Adding to the charm of this Journal are the memories contributed by a dozen or so tea lovers, including a number whose names you’ll recognize instantly if you keep up with the world of tea. As much as I like the author’s reproduction of the handwritten reminiscences, I found a few of them to be a tad difficult to read (clear evidence that tea, with its many positive attributes, does not improve one’s penmanship!). On the other hand, the writings and signatures are of particular interest to me. Most people don’t know that I’ve studied two schools of handwriting analysis, and received multiple certifications in this field. So I’m particularly enjoying these glimpses into some very interesting personalities.

Sized just right to slip into your purse, but unlike the Tea Journal above, this (paperback) book is perfect-bound, so it opens only so far, making it somewhat awkward to write in it. The journal-entry page is on the left, adding to the awkwardness for right-handers (perhaps — like so many creative people — the author is left-handed?). Maybe the next printing will take this into account.

All in all, if you keep up this Journal it will surely become a treasured keepsake.

Ms. Pyatt owns and operates a successful tea room in Texas. Visit her Serenitea Tea Room website to purchase online and for a list of walk-in shops that carry the Journal (contact the author direct if you’d like to carry the book in your retail shop).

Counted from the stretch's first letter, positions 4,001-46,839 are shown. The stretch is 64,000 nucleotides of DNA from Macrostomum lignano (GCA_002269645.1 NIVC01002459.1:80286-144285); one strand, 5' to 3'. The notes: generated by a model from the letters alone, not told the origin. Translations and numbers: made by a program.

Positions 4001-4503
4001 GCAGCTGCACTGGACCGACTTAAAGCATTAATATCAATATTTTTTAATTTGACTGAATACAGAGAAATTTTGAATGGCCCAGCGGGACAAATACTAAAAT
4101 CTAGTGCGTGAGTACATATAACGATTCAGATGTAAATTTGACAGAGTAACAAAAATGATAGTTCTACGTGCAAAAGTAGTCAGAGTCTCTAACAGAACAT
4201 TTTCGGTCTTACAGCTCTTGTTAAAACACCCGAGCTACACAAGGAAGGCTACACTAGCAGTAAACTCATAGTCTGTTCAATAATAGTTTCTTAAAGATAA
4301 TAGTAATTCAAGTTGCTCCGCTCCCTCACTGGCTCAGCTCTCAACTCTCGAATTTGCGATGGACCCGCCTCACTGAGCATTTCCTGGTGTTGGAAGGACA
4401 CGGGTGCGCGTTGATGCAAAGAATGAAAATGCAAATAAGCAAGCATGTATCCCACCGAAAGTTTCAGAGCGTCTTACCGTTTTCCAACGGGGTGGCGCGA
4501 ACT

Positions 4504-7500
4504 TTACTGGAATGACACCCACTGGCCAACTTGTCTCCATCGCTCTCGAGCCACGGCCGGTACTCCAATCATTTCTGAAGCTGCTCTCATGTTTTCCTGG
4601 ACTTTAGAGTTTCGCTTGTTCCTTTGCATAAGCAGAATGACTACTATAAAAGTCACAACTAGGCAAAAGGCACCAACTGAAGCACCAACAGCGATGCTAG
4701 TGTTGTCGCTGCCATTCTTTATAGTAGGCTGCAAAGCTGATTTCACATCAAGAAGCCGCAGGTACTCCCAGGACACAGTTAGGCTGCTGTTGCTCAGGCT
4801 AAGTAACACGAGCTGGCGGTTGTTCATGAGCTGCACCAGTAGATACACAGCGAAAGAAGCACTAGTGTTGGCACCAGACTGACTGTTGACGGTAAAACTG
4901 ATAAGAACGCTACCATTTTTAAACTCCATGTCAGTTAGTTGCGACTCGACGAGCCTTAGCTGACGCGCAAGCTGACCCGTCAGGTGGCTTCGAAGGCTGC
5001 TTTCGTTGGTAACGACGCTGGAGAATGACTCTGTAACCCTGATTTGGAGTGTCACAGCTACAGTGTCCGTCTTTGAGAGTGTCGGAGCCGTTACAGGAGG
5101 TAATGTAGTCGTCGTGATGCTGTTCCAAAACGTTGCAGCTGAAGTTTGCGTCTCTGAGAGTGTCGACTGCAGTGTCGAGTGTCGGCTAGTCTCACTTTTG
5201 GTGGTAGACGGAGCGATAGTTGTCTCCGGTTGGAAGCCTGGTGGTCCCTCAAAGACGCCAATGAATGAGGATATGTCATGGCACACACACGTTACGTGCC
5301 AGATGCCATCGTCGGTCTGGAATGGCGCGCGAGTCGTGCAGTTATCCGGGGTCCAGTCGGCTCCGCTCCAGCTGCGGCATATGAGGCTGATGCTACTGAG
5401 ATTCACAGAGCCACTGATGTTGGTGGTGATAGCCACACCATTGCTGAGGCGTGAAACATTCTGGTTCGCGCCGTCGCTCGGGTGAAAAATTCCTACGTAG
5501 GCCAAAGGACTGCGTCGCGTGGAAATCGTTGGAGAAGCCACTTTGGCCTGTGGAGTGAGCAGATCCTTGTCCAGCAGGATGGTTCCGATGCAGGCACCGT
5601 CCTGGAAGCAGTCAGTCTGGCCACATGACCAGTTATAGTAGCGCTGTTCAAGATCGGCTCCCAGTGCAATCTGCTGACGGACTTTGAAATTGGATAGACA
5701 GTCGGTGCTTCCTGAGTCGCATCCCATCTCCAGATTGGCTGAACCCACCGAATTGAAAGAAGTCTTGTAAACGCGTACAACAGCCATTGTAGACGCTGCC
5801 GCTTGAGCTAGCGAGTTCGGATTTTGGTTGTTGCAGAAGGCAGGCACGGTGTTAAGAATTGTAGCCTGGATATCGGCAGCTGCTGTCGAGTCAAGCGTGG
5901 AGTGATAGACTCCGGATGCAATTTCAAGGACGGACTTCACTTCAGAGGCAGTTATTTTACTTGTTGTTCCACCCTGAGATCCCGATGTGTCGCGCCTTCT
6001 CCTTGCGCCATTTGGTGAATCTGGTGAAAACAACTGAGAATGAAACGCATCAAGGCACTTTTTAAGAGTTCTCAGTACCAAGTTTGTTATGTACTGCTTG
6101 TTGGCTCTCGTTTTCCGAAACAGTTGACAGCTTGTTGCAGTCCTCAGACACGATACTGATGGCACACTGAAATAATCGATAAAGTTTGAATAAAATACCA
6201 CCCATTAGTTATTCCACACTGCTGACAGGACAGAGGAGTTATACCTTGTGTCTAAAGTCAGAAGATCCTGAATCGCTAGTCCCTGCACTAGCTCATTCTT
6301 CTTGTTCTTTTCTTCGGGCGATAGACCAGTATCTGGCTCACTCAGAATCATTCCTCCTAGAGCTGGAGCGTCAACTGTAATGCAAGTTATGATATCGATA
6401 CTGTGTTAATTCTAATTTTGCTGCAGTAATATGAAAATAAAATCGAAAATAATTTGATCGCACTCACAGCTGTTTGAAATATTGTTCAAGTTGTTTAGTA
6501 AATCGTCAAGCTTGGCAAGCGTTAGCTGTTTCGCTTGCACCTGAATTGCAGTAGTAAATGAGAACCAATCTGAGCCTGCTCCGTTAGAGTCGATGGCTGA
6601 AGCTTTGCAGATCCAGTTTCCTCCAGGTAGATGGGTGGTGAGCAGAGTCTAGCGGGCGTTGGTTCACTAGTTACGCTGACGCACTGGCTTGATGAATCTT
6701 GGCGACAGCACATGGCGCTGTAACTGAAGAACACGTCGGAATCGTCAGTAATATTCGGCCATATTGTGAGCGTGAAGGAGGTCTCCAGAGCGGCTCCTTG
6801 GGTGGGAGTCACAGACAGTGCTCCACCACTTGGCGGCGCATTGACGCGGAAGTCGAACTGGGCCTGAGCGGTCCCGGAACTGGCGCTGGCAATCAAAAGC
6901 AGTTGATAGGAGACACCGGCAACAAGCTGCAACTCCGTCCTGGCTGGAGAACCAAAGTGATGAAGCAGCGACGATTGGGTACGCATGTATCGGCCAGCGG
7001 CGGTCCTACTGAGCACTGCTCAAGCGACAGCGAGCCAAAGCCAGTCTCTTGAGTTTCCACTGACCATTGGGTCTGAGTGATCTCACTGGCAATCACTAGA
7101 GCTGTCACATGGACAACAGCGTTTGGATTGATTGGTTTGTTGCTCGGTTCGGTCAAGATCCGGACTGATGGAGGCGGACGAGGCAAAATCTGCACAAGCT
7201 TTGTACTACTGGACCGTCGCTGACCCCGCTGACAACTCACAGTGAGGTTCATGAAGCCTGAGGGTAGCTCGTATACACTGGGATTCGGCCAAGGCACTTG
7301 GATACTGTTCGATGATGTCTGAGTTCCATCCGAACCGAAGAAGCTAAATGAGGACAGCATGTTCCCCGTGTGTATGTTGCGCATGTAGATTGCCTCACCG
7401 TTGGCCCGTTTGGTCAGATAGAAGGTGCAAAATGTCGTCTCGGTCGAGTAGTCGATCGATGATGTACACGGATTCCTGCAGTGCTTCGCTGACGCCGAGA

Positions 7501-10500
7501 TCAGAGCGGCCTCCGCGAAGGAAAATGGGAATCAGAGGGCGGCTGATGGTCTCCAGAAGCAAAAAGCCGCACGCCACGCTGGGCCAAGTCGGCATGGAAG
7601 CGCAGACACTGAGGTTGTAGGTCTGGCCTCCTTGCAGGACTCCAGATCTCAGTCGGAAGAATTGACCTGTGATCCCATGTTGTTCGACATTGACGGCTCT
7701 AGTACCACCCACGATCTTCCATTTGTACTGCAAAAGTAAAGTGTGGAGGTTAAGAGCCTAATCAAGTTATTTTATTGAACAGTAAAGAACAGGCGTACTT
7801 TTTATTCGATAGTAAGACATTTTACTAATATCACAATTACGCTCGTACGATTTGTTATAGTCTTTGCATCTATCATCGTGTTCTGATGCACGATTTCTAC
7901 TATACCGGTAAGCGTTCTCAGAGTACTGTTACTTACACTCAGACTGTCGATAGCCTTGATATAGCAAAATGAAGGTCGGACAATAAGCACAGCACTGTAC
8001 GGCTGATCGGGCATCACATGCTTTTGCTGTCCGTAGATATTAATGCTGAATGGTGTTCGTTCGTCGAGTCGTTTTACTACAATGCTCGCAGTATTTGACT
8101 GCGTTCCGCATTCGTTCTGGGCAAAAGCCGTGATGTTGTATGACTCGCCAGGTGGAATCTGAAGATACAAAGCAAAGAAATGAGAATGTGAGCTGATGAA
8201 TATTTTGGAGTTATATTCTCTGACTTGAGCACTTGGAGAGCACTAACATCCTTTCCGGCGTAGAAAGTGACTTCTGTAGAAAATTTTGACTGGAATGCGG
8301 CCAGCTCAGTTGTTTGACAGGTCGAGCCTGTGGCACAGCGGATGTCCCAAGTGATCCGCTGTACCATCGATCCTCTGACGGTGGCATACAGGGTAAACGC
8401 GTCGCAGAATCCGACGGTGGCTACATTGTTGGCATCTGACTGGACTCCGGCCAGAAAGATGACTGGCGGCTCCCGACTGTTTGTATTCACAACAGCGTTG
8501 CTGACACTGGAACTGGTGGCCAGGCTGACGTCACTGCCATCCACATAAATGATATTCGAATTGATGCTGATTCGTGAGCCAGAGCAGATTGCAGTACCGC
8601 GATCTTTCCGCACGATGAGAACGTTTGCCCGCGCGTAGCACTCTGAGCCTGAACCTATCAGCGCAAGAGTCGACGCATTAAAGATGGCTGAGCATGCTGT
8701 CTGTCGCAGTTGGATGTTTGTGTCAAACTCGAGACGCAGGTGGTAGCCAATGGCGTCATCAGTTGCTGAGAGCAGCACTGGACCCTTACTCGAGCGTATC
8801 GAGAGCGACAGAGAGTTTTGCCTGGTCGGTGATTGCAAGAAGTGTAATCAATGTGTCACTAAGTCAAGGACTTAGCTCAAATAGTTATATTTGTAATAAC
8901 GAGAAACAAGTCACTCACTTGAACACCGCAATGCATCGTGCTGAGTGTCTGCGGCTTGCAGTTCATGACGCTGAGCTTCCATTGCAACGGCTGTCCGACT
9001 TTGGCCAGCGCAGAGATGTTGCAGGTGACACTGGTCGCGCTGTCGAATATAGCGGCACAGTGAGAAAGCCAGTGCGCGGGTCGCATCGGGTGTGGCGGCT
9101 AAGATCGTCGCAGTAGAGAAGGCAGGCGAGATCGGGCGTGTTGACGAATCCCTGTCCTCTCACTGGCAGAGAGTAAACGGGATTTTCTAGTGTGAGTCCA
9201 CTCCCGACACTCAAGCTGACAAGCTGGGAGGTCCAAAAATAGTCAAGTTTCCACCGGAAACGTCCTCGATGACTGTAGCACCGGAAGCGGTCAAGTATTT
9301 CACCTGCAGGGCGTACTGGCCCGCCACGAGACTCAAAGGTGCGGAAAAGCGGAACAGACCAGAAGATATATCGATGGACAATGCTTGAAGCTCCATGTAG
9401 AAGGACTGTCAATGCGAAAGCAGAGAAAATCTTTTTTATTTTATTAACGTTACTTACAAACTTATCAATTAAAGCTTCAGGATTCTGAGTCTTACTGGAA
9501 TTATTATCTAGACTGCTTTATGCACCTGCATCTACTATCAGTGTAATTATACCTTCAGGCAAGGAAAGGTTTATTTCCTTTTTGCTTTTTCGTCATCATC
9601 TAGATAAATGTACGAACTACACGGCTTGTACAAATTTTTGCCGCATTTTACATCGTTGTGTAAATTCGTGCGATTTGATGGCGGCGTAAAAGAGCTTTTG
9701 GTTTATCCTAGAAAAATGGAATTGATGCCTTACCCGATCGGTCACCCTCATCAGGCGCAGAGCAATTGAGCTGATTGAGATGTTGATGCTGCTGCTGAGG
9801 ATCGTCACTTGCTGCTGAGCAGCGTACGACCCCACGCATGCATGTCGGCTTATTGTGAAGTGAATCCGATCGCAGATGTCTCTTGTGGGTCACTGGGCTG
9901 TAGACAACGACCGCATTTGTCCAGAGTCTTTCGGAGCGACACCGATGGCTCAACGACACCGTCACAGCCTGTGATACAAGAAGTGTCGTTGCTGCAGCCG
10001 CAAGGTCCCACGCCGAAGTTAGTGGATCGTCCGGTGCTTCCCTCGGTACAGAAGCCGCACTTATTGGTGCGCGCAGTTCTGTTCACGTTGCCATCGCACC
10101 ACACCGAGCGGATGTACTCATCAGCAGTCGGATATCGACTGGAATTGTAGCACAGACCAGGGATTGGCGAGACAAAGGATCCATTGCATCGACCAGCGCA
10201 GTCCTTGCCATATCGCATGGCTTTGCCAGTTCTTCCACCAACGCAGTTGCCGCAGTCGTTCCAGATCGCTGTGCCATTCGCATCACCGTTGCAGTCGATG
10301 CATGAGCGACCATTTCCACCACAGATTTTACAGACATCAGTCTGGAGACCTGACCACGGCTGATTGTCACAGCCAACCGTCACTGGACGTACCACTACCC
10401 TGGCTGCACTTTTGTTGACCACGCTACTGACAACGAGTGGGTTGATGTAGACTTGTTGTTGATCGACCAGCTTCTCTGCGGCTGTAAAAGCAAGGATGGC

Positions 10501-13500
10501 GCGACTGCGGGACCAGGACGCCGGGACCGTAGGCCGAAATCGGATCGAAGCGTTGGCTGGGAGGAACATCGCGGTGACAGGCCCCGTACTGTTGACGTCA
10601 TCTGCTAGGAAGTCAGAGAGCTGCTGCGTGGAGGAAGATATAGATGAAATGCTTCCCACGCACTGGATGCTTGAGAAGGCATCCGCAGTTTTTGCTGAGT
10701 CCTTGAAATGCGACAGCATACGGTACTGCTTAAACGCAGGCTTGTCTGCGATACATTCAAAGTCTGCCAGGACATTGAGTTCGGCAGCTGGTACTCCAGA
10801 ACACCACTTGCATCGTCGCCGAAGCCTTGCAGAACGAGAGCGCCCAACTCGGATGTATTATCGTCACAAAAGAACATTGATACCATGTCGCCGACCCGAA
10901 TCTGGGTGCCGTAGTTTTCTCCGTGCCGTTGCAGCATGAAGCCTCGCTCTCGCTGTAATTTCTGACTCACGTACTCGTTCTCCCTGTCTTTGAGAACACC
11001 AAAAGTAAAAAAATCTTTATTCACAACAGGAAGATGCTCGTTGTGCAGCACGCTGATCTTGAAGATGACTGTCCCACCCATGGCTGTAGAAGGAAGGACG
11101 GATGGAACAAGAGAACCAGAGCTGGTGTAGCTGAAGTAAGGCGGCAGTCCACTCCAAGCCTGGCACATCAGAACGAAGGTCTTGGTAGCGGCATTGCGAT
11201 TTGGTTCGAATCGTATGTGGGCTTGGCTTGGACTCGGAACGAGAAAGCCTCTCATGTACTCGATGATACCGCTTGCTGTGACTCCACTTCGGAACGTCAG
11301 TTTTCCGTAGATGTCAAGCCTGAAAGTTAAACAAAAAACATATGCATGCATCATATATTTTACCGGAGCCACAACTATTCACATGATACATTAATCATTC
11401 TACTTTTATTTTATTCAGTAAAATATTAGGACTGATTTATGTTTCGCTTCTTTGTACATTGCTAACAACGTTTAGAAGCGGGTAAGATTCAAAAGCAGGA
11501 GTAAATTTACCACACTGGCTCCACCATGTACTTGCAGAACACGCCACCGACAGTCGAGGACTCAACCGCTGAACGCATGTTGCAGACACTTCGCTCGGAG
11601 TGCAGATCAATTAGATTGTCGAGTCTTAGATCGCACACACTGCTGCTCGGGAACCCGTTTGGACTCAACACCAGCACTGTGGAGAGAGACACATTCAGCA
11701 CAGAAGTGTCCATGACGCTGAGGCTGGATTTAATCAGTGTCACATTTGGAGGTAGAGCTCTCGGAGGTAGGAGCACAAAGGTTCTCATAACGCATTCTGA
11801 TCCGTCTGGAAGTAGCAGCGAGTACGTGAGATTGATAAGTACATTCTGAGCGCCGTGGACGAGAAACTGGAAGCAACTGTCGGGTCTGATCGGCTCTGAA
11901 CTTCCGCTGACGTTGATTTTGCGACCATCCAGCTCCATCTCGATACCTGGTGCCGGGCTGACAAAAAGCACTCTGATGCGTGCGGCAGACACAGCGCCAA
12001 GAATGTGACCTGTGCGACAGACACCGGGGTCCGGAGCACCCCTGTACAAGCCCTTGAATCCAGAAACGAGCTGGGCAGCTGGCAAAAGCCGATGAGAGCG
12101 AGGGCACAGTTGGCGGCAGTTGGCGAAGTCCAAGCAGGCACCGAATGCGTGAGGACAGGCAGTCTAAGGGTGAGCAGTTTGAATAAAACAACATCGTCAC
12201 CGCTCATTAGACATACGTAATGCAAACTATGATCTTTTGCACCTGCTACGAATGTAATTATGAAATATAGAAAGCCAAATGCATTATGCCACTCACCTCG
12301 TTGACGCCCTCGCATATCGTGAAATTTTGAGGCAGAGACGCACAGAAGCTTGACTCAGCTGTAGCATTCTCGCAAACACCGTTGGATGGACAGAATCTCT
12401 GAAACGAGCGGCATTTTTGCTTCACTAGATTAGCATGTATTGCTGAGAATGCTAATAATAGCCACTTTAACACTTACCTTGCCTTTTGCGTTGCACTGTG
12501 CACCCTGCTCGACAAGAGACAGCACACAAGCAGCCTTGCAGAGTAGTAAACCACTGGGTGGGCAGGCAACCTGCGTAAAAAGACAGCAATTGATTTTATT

. . . . . .

Linen and Tea Journal
by Bonnie L. Line
Retail and wholesale
Photo courtesy of Linen and Tea

Linen and Tea JournalThis too is a diary for recording tea room visits. I like the simple, homey quality of this Journal — it’s not as polished-looking as the two previous books, but there is an inviting warmth about it.

Included is the obligatory basic tea information — steeping chart, tasting terms, a brief history — and even a scone recipe. (Be sure to ignore the instructions for the urban-legend method for “decaf-ing” your tea.)

The Journal comprises about thirty double-page spreads: tea room details to be entered on the left, and a Photos page on the right — although, of course, you can use this space for additional notes if you prefer.Spiral binding, along with the book’s size and slimness, make it easy to carry and to write in.

Order online at Linen and Tea, or look through the list of retail outlets to see if there’s one near you. Contact the author — a tea speaker, teacher, and consultant — direct for wholesale information.

. . . . . .

I know I said three, but here’s one more for those of you who prefer to organize your tea diary yourself: Visit Hot Teas Gift Shop for a selection of journals in a variety of tea designs: whimsical teapots, elegant tea flowers, and several more charming designs. Choose your design, then select the page format: blank, lined, dot grid, or agenda. A custom gift for your favourite tea (or tea room) lover!

Now, fellow tea lovers, go out there with the journal of your choice and enjoy some tea!

Contact us about reviewing your tea-related product or service.

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1 Comment »

  1. I bought this lovely Tea Journal several years ago at a lovely tea shop in Chalfont PA. I have a ladies tea group and record all of our events, including our 10th anniversary tea at Lady Mendl’s Tea Salon in NYC. I enjoy recording all of our teas, plus teas that I have been invited to by friends. My only complaint is that the journal pages seem to be glued together and some of the pages are falling out. If this countinues to be the success that it should be, I would suggest that new editions be wire-bound so the pages don’t become lose. Otherwise, it has been a great experience, looking back on the places my tea group visited, and tea rooms I have visited with friends.

    Comment by Rachel Garber — December 11, 2012 @ 8:38 pm |Reply